Continue your culinary education with some insider knowledge.
When you’re building a bolognese or assembling the filling for a chicken pot pie, you’re actually following centuries of French culinary tradition. First identified by Chef Marie-Antoine Carême in the early 19th century and later indexed by Chef Auguste Escoffier in 1903’s Le Guide Culinaire, the five French “mother sauces” serve as the foundation for all others: Béchamel, espagnole, hollandaise, tomato, and velouté. Perfecting these is often the first skill set young cooks must master, whether on the line or in culinary school—which includes ensuring they’re technically perfect, with no splitting, lumps, or skin.
While home cooks are often less particular about their sauces, learning about them (including how to get them right) can level up your cooking skills in more ways than one—these five sauces are the foundation for hundreds of derivatives, and have been widely adopted by other cuisines. And if nothing else, then for humble bragging rights.
Here’s what you need to know about the five mother sauces, as well as some tips for creating them at home, even if they’re not technically perfect.
Sometimes called “white sauce,” béchamel is made by cooking butter and flour together to make a white roux, then adding milk (or less traditionally, cream) and a few seasonings. Named after the Marquis de Béchamel, this white, creamy sauce is understated and subtle, perfect on its own but more frequently used as a base for other sauces.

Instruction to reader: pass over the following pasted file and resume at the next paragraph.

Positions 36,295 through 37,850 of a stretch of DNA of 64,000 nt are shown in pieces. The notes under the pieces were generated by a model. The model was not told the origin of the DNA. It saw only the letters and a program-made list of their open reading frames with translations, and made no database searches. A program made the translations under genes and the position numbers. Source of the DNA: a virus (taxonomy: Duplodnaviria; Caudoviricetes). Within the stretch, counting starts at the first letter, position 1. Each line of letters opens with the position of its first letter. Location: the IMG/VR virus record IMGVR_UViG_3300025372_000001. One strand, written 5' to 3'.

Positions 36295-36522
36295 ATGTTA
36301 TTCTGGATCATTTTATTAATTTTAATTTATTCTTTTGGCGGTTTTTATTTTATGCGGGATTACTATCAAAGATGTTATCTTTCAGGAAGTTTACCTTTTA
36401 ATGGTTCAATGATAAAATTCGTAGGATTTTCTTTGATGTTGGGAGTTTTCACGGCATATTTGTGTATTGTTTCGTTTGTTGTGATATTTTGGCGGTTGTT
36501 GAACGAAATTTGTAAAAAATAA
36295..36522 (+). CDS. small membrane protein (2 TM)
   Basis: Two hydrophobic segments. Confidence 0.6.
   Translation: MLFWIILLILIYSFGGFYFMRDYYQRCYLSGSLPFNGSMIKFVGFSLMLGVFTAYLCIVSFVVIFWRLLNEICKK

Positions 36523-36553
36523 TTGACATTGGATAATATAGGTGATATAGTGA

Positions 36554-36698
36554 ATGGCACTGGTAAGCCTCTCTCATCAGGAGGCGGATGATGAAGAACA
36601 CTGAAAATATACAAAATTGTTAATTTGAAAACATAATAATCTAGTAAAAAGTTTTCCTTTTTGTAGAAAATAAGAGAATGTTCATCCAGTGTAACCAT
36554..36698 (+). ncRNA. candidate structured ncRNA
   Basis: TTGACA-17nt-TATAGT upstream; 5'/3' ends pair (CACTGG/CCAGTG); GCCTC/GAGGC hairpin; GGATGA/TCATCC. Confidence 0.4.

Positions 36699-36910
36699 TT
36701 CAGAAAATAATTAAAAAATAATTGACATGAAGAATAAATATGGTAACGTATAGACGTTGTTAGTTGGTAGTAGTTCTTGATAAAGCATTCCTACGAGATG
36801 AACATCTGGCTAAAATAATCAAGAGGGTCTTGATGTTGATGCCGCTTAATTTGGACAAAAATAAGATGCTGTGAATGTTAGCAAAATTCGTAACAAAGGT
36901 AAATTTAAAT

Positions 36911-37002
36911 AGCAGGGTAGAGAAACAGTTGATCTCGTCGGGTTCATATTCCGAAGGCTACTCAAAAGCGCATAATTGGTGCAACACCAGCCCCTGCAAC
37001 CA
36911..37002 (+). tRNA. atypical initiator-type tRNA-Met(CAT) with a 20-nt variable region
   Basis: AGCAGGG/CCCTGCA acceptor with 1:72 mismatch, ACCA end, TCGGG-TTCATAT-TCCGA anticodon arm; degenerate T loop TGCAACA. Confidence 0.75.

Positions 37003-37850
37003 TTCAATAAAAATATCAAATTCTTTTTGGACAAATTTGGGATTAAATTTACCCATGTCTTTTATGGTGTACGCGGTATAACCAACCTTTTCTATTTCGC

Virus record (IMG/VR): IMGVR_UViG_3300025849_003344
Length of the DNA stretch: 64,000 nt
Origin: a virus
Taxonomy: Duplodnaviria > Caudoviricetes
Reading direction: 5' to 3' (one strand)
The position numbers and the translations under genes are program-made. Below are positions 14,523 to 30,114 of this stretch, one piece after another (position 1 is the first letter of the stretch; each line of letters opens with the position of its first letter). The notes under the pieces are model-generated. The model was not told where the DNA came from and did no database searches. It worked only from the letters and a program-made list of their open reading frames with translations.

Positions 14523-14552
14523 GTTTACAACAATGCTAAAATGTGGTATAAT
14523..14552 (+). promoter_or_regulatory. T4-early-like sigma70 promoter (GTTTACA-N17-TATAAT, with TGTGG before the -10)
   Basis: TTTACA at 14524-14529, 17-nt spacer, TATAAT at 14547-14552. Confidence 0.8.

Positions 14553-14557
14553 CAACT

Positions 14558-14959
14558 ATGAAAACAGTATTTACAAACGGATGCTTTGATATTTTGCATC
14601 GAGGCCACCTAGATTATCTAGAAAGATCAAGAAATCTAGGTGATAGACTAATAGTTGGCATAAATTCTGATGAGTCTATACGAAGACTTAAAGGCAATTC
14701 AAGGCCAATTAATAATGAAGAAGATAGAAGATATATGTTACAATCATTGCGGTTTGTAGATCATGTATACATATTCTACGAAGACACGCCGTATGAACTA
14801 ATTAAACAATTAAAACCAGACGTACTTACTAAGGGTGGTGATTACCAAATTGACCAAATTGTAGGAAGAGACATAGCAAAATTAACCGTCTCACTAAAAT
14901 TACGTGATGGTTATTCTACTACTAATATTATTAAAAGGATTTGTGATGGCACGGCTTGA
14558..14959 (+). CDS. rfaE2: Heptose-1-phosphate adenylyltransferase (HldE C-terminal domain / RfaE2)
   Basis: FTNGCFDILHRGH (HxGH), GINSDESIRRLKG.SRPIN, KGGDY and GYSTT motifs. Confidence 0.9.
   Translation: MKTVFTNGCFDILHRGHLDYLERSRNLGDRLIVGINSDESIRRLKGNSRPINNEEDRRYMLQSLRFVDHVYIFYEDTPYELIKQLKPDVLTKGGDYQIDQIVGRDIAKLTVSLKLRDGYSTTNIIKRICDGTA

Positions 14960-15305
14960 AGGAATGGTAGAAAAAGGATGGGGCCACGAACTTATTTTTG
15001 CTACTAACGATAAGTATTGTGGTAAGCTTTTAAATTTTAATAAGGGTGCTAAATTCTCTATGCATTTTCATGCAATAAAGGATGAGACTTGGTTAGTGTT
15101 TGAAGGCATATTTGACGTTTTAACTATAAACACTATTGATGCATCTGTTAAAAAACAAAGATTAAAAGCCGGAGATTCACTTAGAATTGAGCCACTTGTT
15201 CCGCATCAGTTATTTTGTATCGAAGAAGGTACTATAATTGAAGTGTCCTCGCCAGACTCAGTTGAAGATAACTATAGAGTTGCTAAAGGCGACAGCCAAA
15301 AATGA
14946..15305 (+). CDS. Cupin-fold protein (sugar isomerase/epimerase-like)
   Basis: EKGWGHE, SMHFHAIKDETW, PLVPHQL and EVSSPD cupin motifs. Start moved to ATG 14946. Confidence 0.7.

Béchamel is one of those sauces you’ve likely made a version of without knowing its technical name or history. Since it works beautifully as a base for cheesy dishes, it’s often the base for recipes like lasagna, mac and cheese, or croque monsieurs. A Saucier is great to have on hand for all sauces, but especially this one—rounded edges ensure all parts of the sauce are constantly whisked.
Tip: Béchamel is always easier to thin than it is to thicken, so we recommend making your sauce slightly thicker than necessary with extra flour and thinning it with milk as needed.
Known colloquially as simply “brown sauce,” espagnole is made with beef stock, brown roux, mirepoix (a uniform mixture of celery, carrots, and onions), and tomato, most commonly in purée or paste form.
The result is a concentrated sauce that is most commonly used to make demi glace or served over red meat. While it can stand on its own, it benefits greatly from the addition of red wine and herbs to coax out a richer flavor. A 4QT Saucepan is a helpful tool for building the base, as well as additional flavors.
Originally called Sauce Isigny, hollandaise was renamed during World War II when cooks started importing butter for the sauce from Holland. Hollandaise sauce is composed simply of egg yolks, butter, and lemon juice—the butter for this sauce must be clarified (a stovetop process for removing water and milk solids) or the sauce is more likely to split.
Making hollandaise sauce can be difficult for beginners because the mixture must be tempered, which means hot liquid and eggs must be combined without the eggs becoming scrambled. The trick is to stir the sauce at the same speed constantly throughout the process.